DAVID GRANOVSKY

Duke U. Mends Broken Hearts

In SCIENCE & STEM CELLS on October 11, 2009 at 5:40 pm

FYI:

Duke University research is predated by the cardiac research by Prof Doris Taylor.  In 2005, Dr Taylor rinses rat hearts with detergent until the cells washed away and all that remained was a skeleton of tissue translucent as wax paper. She then injected the scaffold with fresh heart (stem) cells from newborn rats.  Four days later, “We could see these little areas that were beginning to beat.  By eight days, we could see the whole heart beating.”  The experiment, reported in the journal Nature Medicine, marked the first time scientists had created a functioning heart in the lab from biological tissue.

Duke U. Mends Broken Hearts

By mimicking the way embryonic stem cells develop into heart muscle in a lab, Duke University bioengineers believe they have taken an important first step toward growing a living “heart patch” to repair heart tissue damaged by disease.

https://i2.wp.com/www.pathology.unc.edu/faculty_labs/mack_lab/heart.jpg

In a series of experiments using mouse embryonic stem cells, the bioengineers used a novel mold of their own design to fashion a three-dimensional “patch” made up of heart muscle cells, known as cardiomyocytes. The new tissue exhibited the two most important attributes of heart muscle cells -– the ability to contract and to conduct electrical impulses. The mold looks much like a piece of Chex cereal in which researchers varied the shape and length of the pores to control the direction and orientation of the growing cells.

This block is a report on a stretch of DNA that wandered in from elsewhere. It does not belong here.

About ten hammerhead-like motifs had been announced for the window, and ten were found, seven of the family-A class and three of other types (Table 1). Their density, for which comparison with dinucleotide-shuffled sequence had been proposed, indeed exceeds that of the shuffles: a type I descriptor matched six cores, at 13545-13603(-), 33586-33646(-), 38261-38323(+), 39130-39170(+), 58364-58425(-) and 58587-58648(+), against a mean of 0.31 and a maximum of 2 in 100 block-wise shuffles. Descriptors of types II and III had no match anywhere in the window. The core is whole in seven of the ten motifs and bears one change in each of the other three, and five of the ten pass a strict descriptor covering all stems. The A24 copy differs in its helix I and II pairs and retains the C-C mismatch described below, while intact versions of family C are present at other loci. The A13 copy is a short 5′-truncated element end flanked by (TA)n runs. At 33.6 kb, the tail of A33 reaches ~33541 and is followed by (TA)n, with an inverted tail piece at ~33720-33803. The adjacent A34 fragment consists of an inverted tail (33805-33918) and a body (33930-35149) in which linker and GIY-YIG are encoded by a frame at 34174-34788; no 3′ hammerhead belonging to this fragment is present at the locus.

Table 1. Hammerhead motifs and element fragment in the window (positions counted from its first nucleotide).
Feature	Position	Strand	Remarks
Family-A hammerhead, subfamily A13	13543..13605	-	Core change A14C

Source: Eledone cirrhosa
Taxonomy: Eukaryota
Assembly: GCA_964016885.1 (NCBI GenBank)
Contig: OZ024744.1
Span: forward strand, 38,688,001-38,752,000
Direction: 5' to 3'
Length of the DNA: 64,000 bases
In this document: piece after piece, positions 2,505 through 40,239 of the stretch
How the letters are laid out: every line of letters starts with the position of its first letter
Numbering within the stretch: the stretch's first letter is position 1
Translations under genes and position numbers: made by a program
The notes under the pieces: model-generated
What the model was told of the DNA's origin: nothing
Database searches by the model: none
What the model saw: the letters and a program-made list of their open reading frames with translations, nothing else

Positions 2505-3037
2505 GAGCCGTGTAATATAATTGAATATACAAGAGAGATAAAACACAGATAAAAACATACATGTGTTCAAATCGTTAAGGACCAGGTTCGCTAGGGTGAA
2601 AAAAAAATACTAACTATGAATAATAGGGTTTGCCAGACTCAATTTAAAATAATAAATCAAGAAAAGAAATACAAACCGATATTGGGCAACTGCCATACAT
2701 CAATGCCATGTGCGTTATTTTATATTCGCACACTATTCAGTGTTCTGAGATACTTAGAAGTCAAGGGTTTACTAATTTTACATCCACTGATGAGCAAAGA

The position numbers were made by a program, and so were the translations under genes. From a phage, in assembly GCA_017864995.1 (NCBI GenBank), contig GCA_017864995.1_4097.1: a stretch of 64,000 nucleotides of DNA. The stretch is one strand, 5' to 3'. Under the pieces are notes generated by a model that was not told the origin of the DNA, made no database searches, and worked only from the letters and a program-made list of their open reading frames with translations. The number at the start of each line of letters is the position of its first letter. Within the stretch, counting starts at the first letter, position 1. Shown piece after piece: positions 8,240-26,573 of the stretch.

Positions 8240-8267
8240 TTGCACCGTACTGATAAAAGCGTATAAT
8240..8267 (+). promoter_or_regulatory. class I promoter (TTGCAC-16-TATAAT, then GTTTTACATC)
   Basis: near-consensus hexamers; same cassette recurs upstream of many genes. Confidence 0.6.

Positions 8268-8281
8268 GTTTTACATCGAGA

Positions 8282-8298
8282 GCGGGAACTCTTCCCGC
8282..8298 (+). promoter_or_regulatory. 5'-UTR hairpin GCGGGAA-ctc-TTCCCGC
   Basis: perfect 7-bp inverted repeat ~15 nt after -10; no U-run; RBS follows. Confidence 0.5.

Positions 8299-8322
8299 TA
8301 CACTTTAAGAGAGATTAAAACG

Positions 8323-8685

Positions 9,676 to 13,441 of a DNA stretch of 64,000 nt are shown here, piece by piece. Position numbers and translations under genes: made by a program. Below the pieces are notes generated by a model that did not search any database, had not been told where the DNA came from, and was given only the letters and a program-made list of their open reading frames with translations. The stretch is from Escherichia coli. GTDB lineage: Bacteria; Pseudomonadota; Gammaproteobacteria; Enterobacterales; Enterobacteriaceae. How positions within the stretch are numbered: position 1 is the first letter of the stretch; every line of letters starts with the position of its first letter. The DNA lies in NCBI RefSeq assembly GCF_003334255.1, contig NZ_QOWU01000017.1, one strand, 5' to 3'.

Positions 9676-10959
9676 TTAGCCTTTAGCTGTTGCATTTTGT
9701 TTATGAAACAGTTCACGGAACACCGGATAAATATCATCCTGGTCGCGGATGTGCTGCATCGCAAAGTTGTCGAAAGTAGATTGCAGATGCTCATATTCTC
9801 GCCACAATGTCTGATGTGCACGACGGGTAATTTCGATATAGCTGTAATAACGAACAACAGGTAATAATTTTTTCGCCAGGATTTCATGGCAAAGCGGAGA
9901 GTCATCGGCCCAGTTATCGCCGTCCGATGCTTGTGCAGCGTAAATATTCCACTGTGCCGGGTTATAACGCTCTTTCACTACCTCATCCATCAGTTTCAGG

https://i1.wp.com/static-resources.goodguide.com/images/entities/all/221221.jpg

CHex Cereal

The researchers grew the cells in an environment much like that found in natural tissues. They encapsulated the cells within a gel composed of the blood-clotting protein fibrin, which provided mechanical support to the cells, allowing them to form a three-dimensional structure. They also found that the cardiomyocytes flourished only in the presence of a class of “helper” cells known as cardiac fibroblasts, which comprise as much as 60 percent of all cells present in a human heart.

https://i0.wp.com/www.immediart.com/catalog/images/big_images/SPL_6_P780110-Fibroblast_cells_showing_cytoskeleton.jpg

Fibroblast Cells

via New strategy for mending broken hearts? | Machines Like Us.

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